Dattco, Westport’s transportation provider, lost nine drivers, a dispatcher and the operations supervisor at the beginning of the school year, Superintendent Thomas Scarice said. This caused several problems in the district and ultimately led to Dattco reallocating staff from other locations to assign more people to Westport. The school district then reduced the number of bus routes from 57 to 51, requiring six fewer drivers.

Scarice said condensing the routes helped get most of the buses back on time and, despite some struggles remaining, he’s been “encouraged” by the progression.

In November, Scarice said 14 drivers are currently in the queue to come to Westport. The district will consider returning to the original routes once there’s a full roster of drivers, but that is not expected to happen for months.

A group of Westport Parents emerge opposing CRT

A group of 37 anonymous parents, Westport Parents 06880, formed in June and launched a website to raise awareness to what it claims was an “increasing focus” on racism in the town’s schools and community.

“We are united to keep our schools focused on academic achievement,” the group states on its website. “We reject political activism and moralizing intrusions into the classroom.”

Then First Selectman Jim Marpe said that while the group used the address for Westport Town Hall as its mailing address, “it has nothing to do with the official operations of the town and is not physically based in Town Hall,” adding it was unclear if it was even based in Westport despite the name.

The site pointed to Superintendent of Schools Thomas Scarice’s strategic plan, which “asserted that institutional and systemic racism are a significant problem in Westport, and that an Equity Audit was necessary to determine the level of racism as well as to propose remedial measures going forward.”

Harold Bailey Jr., chair of TEAM Westport, called the group and its website “an invitation to cultural toxicity.”

Amazon possibly replacing former Barnes and Noble building

The possibility of an Amazon Fresh coming to Westport came up at a public meeting this fall that discussed an unnamed grocery store replacing the former Barnes & Noble location at 1076 Post Road East.

Christopher McLean, an engineer from Langan CT, gave a presentation about the traffic study at the proposed redevlopment locations, however, he did not confirm whether it would be an Amazon Fresh. He did say the applicant is aiming to open the store in 2022.

Art Schoeller, president of the Greens Farms Association, said “it’s kind of the worst kept secret that it’s Amazon.”

Within the last year, Amazon Fresh stores have been rumored to be coming to several different Connecticut locations.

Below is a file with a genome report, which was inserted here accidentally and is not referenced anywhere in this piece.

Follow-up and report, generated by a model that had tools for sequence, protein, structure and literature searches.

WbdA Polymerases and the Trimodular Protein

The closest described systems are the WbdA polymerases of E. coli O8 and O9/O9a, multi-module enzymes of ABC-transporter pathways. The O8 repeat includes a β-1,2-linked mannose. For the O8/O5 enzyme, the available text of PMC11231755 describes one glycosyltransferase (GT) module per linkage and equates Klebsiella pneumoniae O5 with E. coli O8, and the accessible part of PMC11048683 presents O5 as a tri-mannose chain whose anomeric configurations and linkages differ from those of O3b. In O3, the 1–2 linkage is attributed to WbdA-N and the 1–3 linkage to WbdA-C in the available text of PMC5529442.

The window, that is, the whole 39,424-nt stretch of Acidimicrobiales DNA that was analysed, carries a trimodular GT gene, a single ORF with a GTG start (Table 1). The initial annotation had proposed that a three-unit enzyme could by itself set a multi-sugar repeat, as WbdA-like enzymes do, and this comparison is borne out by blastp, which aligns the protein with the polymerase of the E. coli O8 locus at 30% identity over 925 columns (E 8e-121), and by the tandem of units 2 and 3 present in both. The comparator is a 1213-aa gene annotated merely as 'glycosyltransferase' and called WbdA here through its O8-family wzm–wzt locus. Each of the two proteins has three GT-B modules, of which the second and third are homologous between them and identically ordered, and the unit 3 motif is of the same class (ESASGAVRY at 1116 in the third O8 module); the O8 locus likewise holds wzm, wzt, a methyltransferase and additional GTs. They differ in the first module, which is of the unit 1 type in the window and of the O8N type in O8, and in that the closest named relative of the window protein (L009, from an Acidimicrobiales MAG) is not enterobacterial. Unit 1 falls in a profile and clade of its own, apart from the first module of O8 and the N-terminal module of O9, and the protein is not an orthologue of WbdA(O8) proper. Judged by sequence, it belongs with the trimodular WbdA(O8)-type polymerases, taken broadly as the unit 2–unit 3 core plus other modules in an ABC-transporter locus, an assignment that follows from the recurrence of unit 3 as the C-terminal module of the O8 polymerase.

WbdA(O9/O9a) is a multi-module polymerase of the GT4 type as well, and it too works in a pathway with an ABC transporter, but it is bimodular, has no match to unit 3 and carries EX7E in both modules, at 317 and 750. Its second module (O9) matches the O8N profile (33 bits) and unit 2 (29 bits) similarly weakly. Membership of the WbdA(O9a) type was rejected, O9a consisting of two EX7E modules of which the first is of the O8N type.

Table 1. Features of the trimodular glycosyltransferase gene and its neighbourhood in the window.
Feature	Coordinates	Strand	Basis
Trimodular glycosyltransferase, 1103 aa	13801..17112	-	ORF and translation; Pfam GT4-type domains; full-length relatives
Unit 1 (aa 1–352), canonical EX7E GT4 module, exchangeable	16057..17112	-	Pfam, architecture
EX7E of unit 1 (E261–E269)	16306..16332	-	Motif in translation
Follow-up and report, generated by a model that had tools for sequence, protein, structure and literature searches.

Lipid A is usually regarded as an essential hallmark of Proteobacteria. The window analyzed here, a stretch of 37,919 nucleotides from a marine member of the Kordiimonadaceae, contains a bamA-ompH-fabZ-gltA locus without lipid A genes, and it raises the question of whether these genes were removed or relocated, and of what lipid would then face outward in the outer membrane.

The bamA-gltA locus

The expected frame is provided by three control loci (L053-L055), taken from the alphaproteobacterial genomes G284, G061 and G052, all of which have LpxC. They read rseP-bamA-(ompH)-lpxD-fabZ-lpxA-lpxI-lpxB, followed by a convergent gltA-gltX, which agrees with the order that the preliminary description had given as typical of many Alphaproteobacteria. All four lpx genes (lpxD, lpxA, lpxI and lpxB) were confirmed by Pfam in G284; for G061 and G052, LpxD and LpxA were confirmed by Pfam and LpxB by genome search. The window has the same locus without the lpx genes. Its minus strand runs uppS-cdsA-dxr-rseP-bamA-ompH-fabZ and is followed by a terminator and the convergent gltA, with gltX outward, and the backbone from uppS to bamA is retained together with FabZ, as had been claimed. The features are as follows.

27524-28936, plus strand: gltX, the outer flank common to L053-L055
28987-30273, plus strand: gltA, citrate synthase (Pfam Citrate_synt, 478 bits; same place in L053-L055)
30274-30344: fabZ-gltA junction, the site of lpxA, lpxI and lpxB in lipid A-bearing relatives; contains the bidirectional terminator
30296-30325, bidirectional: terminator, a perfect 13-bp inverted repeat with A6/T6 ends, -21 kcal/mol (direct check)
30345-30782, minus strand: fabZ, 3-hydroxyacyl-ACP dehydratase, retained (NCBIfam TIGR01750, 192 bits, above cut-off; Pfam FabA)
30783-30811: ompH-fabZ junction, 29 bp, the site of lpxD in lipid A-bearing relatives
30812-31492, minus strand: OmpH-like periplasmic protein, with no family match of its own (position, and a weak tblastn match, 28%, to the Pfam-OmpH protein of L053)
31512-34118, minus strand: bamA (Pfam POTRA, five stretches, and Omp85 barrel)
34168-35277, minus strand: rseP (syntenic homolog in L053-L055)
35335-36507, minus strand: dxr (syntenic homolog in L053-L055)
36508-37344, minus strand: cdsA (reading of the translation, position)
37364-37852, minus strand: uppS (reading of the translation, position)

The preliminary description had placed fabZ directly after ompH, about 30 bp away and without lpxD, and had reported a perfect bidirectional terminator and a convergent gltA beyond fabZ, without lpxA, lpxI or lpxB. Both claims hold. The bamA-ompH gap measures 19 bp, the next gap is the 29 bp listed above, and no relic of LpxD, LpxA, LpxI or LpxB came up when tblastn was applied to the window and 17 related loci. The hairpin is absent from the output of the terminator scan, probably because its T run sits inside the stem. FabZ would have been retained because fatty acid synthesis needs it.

Weston first selectman resigning for health issues

First Selectman Christopher Spaulding resigned this year before his term ended, citing health concerns. Then Second Selectwoman Samantha Nestor assumed his duties beginning Aug. 2.

Spaulding announced his resignation during an emotional, virtual Board of Selectmen meeting this summer. He didn’t elaborate on his issues, except to say “I’m good. Everything’s stable, but I need to keep it that way.”

Prior to the announcement of his resignation, Spaulding, a Democrat, said he would not seek a third term because he wished to spend more time with his family. He said he regretted not being able to finish out his term, but had faith in Nestor and other town officials to carry on in his stead.

Nestor was officially elected to the job by Weston residents, beating Republican candidate Kirby Brendsel.

Honorable mention: Weston Market closing

Peter’s Weston Market closed this January after years of declining revenue, a monthslong eviction process and dealing with the fallout of the pandemic.

The Weston market operated in town for nearly 50 years and became sort of a “right of passage” for the family owned business. It was also located in a plaza with several other businesses, essentially the only area to eat or shop in town.

Owner Jim Magee,posted on the market’s Facebook page in January that they were saddened to announce that the business would be closing its doors permanently at the end of the month. However, he also mentioned that retailers, especially small businesses, have been struggling for the last 15 years and theirs is no exception.

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A year in review: Westport and Weston’s top 10 stories from 2021